While I was reading a book I encountered the use of the word rendezvous, this is originally a French word according to the dictionary. The usage in the book was plural followed by “are”. Let me constructs some sentences and see whether my usage of its majesty rendezvous is correct:

Used as a noun; spelled rahn-duh-voo

I had a rendezvous with a friend.

Like saying:

I had a meeting with a friend.

Used as a simple past tense verb; spelled rahn-duh-voo-ed

I rendezvoused with a friend.

Like saying:

I met a friend.

As an answer to an interrogative sentence; spelled rahn-duh-voo-ing

What are you doing?
I'm rendezvousing a friend right now.

Like saying:

I'm meeting a friend right now.

Is my usage for the word rendezvous in the above sentences right?

Is the plural form of rendezvous, rendezvous?

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  • You can get pronunciations in standard International Phonetic Alphabet notation from Wiktionary. The only difference between all those listed there is whether the first vowel is rounded and how much the middle syllable’s diphthong is reduced. – tchrist Aug 6 '17 at 11:57

Rendezvous is an appointment, i.e. the arrangement to meet rather than the act of meeting itself. So you wouldn't usually say something like “I'm rendezvousing with a friend right now”, because the immediacy of “right now” (your friend is supposed to be here) contradicts the potentiality of “rendezvous” (you don't know whether your friend has arrived). If you want to say that you have an appointment with a friend, it would be more idiomatic to say “I have a rendezvous with a friend right now” (you have an appointment, but you don't know whether your friend has arrived yet).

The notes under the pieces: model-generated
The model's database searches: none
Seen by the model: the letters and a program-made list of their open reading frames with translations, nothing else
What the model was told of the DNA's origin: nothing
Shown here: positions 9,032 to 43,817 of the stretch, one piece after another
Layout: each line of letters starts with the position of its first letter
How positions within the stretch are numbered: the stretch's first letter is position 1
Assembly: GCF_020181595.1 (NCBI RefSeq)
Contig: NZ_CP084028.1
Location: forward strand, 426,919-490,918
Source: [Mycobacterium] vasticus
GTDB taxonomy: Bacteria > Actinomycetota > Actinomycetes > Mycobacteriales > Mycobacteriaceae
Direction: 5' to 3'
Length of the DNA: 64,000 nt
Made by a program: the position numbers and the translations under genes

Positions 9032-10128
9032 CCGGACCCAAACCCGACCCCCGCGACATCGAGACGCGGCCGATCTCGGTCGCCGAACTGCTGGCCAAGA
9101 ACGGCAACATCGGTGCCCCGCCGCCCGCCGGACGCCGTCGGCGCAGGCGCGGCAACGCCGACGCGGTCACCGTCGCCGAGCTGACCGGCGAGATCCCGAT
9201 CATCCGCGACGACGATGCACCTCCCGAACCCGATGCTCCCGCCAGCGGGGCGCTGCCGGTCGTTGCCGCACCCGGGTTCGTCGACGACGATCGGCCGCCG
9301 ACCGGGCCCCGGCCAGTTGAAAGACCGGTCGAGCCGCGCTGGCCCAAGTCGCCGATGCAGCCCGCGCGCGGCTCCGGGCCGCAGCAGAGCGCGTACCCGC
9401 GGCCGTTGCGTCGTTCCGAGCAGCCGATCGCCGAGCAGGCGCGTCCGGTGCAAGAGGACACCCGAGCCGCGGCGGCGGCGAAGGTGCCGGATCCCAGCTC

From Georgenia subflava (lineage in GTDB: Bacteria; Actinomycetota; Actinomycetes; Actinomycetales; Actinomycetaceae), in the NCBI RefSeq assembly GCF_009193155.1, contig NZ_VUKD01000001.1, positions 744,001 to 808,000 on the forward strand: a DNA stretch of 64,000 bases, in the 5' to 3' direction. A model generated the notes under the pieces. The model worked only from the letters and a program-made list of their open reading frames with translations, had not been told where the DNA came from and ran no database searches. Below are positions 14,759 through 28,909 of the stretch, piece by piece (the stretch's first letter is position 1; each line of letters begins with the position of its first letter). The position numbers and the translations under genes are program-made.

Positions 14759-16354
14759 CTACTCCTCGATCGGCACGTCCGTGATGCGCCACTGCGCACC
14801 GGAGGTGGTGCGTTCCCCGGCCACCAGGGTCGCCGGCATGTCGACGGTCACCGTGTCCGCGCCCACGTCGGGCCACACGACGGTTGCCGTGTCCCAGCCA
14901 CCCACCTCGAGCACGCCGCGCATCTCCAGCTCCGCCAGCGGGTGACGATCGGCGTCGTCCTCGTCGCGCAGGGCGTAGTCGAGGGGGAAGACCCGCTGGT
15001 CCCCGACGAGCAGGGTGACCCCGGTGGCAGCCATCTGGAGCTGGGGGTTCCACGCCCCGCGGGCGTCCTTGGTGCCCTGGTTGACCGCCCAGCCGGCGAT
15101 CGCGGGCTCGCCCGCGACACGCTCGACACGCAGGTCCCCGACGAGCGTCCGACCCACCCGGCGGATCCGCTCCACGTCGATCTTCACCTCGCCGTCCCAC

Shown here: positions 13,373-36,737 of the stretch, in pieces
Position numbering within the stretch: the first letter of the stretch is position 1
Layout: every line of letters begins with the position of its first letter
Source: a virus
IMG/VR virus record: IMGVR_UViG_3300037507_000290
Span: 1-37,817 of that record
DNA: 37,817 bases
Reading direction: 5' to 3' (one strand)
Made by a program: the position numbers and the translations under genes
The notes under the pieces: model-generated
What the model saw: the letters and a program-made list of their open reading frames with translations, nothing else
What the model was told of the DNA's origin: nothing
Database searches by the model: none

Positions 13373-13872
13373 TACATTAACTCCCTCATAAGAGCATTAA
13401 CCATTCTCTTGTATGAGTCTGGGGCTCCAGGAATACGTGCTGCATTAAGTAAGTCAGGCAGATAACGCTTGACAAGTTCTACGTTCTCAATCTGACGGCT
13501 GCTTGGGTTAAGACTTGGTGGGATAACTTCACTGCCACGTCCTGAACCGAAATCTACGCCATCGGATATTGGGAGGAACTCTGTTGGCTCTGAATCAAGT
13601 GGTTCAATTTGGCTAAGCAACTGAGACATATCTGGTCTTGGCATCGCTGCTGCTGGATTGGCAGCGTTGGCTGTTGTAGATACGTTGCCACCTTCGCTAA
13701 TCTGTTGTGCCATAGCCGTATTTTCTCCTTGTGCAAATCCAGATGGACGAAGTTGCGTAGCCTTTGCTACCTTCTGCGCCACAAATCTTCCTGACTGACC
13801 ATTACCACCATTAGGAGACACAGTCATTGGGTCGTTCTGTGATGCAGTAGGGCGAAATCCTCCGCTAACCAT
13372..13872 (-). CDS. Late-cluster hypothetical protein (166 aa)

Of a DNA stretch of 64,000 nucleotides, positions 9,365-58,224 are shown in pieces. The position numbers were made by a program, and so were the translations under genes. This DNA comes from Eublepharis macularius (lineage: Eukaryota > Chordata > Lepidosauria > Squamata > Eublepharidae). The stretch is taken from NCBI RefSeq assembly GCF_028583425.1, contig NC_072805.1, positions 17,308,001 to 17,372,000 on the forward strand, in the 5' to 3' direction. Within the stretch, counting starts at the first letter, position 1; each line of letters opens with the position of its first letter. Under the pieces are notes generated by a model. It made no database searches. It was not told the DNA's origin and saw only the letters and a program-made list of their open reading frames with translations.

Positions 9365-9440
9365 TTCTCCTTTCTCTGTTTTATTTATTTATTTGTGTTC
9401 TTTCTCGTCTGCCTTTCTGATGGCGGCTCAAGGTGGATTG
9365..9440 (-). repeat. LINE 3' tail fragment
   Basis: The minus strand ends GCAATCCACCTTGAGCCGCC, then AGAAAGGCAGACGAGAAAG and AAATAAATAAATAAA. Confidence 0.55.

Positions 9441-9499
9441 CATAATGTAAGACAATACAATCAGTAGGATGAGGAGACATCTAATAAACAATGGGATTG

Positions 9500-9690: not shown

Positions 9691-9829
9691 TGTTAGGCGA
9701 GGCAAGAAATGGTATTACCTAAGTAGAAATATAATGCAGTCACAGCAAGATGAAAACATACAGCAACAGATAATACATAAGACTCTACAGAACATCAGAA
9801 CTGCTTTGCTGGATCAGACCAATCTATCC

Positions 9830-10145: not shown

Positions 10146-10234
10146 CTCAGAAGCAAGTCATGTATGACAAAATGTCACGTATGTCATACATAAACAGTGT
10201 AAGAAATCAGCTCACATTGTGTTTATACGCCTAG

Rendezvous is not a very common word: “I'm meeting with a friend right now” would be the most common way to phrase this. The word rendezvous is a little highbrow and old-fashioned, and it's far more often a noun than a verb.

“I had a rendezvous with a friend” (you two had agreed to meet in a particular place at a particular time, or at least in a particular place during a particular time interval) is fine. So is “I rendezvoused with my friend” (we met at the time and place that we'd agreed). Rendezvous tends to focus on the meeting place; it can also be used to refer to a meeting spot even if there is no particular agreement to meet, e.g. “this café is a popular rendezvous for artists”.

Rendezvous is also used in the sense of a meeting actually taking place in other contexts that are about objects or abstract groups of people meeting. In this sense, it isn't particularly old-fashioned, and the verb doesn't sound more awkward than the noun. For example “the two armies rendezvoused on the plain” (they came to the same place and joined forces as arranged) or “the submarine will rendezvous with the battleship tomorrow” (they'll navigate to the same place and exchange personnel or supplies as arranged).

Rendezvous comes from the French word rendez-vous, and has kept almost the same spelling (only losing its hyphen) and a somewhat similar pronunciation (I think ran-dey-voo is more common than ran-duh-voo). The usual plural is identical to the singular, like in French. Rendezvouses also exists, but it's uncommon.

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  • Indeed, I've never heard a reduced vowel in the second syllable myself. – Luke Sawczak Aug 6 '17 at 13:41

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